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Family Read-alouds: Fun with Poetry



4 reasons why reading poetry is great for kids

4 reasons why reading poetry is great for kids


While your family is working and learning from home, why not make your read-aloud times really special? Maybe you’re reading a classic chapter book as a family, or a biography or nature books that open the door to environmental learning. Whatever you’re reading, don’t forget to include some rhymes and poems.

A few decades ago, children consistently knew classic folk and fairy tales, nursery rhymes and various poems when they entered school. Today that isn’t true. For a variety of reasons kids have become more focused on popular contemporary songs and stories rather than classic literature. They know all about Frozen or Lion King, but they aren’t familiar with The Old Woman Who Lived in a Shoe.

READ MORE: Encourage early literacy, confidence and self-expression

But there are good reasons to make some time for poetry, both classic and contemporary. Here are some of them:

1. Poetry can boost social/emotional growth

  • Poetry is full of expression and emotion. It can help a child learn how others think and feel.
  • Reciting poems can build community. It’s a bit like singing a song together, with all the rhythms and rhyming words.
  • Enjoyment of poetry can build emotional resilience. Children can say, “I feel that way, too,” or, “Now I understand why my friend was afraid.”
2. Response to poetry has a physical component.

  • Poetry is the most kinesthetic of all literature. It is filled with rhythms and musical beats. It invites a physical response.
  • Reciting poems gives a child’s mouth, tongue and breathing a good workout. It builds fluency and expressive skills.
  • Poetry is filled with patterns and sequences; it has a musical quality that creates interaction.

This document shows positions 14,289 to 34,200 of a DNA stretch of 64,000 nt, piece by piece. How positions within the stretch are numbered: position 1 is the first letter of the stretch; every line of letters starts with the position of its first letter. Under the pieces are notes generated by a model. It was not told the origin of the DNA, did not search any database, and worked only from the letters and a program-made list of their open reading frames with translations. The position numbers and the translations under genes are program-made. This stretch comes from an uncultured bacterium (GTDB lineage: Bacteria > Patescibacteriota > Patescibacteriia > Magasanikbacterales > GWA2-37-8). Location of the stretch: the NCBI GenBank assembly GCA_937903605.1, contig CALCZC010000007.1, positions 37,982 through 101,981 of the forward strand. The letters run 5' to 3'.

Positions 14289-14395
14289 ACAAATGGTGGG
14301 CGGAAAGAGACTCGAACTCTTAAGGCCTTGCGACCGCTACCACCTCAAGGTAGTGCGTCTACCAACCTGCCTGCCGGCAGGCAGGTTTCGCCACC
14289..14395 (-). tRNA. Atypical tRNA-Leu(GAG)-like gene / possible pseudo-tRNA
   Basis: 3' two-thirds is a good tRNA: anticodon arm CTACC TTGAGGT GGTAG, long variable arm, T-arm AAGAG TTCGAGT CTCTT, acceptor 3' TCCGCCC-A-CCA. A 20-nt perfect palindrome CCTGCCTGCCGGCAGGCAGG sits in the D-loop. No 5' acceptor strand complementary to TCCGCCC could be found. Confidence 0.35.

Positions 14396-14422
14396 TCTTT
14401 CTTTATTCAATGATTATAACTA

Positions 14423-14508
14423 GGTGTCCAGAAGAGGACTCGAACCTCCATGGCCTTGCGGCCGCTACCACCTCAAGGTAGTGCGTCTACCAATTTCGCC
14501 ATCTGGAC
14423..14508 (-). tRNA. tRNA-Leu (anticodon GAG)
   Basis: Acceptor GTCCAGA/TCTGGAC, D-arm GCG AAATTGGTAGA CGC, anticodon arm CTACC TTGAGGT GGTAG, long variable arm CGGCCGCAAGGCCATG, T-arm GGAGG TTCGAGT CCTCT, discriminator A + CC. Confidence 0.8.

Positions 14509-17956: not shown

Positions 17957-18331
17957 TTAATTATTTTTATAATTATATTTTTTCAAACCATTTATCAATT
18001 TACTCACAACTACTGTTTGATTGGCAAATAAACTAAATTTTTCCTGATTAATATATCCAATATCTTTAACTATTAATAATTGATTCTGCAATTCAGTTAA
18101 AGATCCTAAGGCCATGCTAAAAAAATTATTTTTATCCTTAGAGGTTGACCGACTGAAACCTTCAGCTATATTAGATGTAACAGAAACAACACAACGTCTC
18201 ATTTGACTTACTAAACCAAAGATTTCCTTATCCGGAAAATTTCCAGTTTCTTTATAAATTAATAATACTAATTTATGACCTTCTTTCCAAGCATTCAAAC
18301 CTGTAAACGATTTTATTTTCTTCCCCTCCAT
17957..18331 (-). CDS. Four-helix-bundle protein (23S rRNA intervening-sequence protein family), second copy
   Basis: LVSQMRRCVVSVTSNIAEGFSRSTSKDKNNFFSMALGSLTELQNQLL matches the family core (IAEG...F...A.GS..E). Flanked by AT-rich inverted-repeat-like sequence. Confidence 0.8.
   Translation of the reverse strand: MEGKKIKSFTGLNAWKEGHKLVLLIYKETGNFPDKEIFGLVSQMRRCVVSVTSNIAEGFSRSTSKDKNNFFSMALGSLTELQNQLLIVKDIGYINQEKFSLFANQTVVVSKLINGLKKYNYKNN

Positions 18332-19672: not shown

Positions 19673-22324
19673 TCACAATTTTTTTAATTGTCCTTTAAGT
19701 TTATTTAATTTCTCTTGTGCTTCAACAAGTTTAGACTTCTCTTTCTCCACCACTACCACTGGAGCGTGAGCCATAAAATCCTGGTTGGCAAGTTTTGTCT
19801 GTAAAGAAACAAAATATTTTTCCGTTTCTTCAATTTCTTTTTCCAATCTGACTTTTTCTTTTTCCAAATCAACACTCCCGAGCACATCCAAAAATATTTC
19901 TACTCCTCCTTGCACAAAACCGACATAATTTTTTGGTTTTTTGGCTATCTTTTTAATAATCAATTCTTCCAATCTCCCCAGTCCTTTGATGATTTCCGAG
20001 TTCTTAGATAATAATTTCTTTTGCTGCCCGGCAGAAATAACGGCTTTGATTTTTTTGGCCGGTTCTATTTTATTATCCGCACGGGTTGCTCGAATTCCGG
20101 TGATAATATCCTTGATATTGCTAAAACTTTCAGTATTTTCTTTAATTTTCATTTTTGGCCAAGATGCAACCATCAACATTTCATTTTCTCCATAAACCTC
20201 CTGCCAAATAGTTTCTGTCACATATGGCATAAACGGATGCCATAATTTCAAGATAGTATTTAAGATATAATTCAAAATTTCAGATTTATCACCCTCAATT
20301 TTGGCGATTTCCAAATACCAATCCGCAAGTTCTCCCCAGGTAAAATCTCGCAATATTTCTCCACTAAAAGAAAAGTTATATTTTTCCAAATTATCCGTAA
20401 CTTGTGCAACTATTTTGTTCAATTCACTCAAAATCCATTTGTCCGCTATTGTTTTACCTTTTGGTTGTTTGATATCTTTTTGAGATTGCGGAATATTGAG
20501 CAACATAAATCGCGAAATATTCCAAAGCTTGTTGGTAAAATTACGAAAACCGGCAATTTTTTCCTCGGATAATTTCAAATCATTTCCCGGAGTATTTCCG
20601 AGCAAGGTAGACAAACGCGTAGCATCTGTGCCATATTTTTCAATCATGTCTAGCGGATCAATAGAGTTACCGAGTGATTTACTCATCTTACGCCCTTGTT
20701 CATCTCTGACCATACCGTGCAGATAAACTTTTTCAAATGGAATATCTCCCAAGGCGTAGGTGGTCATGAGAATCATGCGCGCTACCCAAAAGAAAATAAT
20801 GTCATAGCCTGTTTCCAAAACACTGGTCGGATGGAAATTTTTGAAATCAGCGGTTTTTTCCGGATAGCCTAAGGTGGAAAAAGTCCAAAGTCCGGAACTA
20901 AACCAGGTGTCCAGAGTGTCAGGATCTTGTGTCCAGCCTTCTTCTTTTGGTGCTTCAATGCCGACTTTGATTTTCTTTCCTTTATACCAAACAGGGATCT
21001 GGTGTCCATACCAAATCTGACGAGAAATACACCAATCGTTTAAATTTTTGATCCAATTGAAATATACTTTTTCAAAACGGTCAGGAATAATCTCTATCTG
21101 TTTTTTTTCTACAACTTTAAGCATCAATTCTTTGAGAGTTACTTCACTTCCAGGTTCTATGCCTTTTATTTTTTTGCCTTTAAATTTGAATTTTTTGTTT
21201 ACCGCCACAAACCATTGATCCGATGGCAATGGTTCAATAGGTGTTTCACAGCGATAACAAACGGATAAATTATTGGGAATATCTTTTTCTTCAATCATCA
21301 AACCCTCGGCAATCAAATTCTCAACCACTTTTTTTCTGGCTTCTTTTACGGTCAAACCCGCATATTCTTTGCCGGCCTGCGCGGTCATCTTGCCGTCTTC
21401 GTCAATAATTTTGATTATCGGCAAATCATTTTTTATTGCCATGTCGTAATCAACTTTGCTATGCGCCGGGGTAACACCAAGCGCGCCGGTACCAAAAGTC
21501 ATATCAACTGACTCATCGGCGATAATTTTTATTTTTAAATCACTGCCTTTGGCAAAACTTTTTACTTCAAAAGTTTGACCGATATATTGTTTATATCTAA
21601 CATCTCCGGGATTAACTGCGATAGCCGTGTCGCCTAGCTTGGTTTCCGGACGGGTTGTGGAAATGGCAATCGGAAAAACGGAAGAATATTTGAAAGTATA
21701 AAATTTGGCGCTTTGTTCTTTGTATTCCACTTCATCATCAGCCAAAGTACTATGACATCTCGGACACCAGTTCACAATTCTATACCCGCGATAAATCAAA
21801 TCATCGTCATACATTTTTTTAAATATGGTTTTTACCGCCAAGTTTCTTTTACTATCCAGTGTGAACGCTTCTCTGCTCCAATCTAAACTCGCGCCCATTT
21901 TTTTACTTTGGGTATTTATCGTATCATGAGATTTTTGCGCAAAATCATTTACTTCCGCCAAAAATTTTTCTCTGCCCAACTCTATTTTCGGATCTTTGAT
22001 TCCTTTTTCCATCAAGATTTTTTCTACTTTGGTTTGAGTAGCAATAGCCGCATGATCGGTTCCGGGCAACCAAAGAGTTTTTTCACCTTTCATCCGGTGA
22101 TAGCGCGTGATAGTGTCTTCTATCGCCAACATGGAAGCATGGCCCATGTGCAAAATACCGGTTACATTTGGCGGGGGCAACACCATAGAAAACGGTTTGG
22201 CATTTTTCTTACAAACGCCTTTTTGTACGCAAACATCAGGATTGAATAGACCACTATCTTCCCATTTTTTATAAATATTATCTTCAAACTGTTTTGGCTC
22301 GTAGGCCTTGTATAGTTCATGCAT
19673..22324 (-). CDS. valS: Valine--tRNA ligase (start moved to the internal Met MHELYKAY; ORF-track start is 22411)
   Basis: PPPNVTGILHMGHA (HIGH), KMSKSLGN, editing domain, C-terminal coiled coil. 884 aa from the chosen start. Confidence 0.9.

3. Poetry can support and improve cognitive learning skills

  • Poetry builds and extends vocabulary. It places new words in a quick context supporting access to meaning.
  • Poems build phonemic awareness such as pitch, voice inflection, and variations in volume
  • Poetry invites creativity and self-expression. Children learn that reading is not just a list of rules to follow, but a world of meaning.
  • Poetry can improve both reading and writing skills as children gain a deeper love of language.
  • Poems can aid in memorization skills. The structure of poems makes them easier to remember than longer passages.

From the cradle on, children love poetry. Look for anthologies of children’s poetry to get an overview of poets or search for your favorite children’s authors as many of them have written verse as well as stories. Read the poems to your children, but don’t forget to have them memorize some of them for the valuable skills gained and the sheer fun of it. Here are some children’s poetry favorites:

The Oxford Illustrated Book of American Children’s Poems, edited by Donald Hall

Eric Carle’s Animals, Animals

A Treasury of Poetry for Young People, over 150 poems by six American Poets

Favorite Poems Old and New, over 700 poems edited by Ellen Ferris

Read Aloud Rhymes for the Very Young by Jack Prelutsky

The Original Mother Goose by Blanch Fisher Wright

Richard Scarry’s Best Mother Goose Ever

Now We Are Six by A.A. Milne



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